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Q: Low hovering/humming (not high pitched) sound driving over 35mph.

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Whether accelerating, coasting, or breaking, the sound persists. Just noticed within the past few days. From forums, wheel bearing seems to keep coming up, but they usually refer to a "helicopter" noise, which this is not. Mine is steady, not choppy, and no shaking of vehicle. Any thoughts? I just want to be semi-prepared for what it might be (or isn't) before taking to a mechanic.

My car has 84000 miles.
My car has an automatic transmission.

A: Hello there, thank you for asking about you...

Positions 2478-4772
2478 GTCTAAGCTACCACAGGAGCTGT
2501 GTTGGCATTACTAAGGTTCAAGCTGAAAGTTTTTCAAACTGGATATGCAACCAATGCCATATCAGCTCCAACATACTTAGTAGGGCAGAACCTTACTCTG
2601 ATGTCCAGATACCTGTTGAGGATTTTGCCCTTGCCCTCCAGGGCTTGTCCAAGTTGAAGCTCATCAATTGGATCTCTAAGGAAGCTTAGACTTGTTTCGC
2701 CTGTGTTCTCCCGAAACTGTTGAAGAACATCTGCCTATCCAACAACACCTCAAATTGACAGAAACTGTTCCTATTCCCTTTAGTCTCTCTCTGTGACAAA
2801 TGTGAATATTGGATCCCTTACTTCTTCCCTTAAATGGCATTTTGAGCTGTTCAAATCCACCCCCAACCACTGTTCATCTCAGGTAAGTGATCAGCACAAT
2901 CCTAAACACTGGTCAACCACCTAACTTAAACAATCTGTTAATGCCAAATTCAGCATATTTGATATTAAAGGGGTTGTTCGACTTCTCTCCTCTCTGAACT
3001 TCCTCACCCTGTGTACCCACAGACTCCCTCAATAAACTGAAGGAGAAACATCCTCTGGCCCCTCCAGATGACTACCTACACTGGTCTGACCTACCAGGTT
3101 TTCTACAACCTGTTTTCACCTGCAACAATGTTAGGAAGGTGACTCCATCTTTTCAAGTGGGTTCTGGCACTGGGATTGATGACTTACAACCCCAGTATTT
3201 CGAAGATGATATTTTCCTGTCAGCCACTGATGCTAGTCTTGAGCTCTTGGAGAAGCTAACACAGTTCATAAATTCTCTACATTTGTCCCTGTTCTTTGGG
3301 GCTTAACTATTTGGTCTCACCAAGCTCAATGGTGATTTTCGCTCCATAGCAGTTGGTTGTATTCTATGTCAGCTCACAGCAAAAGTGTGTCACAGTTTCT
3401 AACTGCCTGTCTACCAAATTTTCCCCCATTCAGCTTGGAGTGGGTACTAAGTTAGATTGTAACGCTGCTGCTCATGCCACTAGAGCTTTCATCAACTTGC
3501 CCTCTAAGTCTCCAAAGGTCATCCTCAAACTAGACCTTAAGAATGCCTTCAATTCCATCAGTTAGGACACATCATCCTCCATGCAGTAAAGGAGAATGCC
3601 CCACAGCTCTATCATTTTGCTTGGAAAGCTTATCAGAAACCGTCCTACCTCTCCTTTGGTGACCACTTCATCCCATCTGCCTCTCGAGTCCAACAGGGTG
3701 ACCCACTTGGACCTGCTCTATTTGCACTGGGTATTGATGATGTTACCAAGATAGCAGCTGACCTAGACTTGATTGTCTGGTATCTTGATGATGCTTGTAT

Hello there, thank you for asking about your 2006 Chevrolet Malibu. Failed wheel bearings will not typically cause the vehicle to shake. They will instead make exactly the noise you are describing: humming. Although humming is typical, there are other sounds and frequencies that will occur depending on the failure mode. If the bearing race is really "destroyed" (pitted) for example, it’ll sound like you’re driving on a gravel road; the noise will be loud. Wheel bearing failures can mimic tire defects, including merely abnormal tread wear. YourMechanic staff will typically apply wireless chassis ears to the four wheel bearing positions. Using wireless pick-ups, a channel receiver set next to the driver will identify the wheel from which the noise is coming. You can ride along and see it for yourself. In some cases, though the bearing failure is so obvious that merely "loading and unloading" the vehicle suspension on a curve will identify the wheel position. Your bearings are bolted on assemblies so they are straightforward to replace; you need not worry. Also, for your application it must be determined whether the mounting bolts are re-usable. The FSM for many GM vehicles of your type states in huge print: DO NOT re-use the wheel bearing mounting bolts. That is because those bolts are typically tightened to 90 ft lbs., which is very tight, and when you start reusing a bolt already subjected to high stress, they tend to weaken and can fail in the field. At any rate, the first order of business is to rule out tire noise. Once that is done it is a simple matter to identify the wheel position. Also, if a front bearing has failed, you might consider replacing both sides as the other may not be far behind. Finally, buy the part from AC Delco. In other words, don’t get the cheapest one you can find, even if it says "guaranteed forever," which has no meaning insofar as the quality of the part. Another good vendor is SKF. If you would like help, a technician from YourMechanic can inspect the noise in your vehicle and make the necessary repairs.

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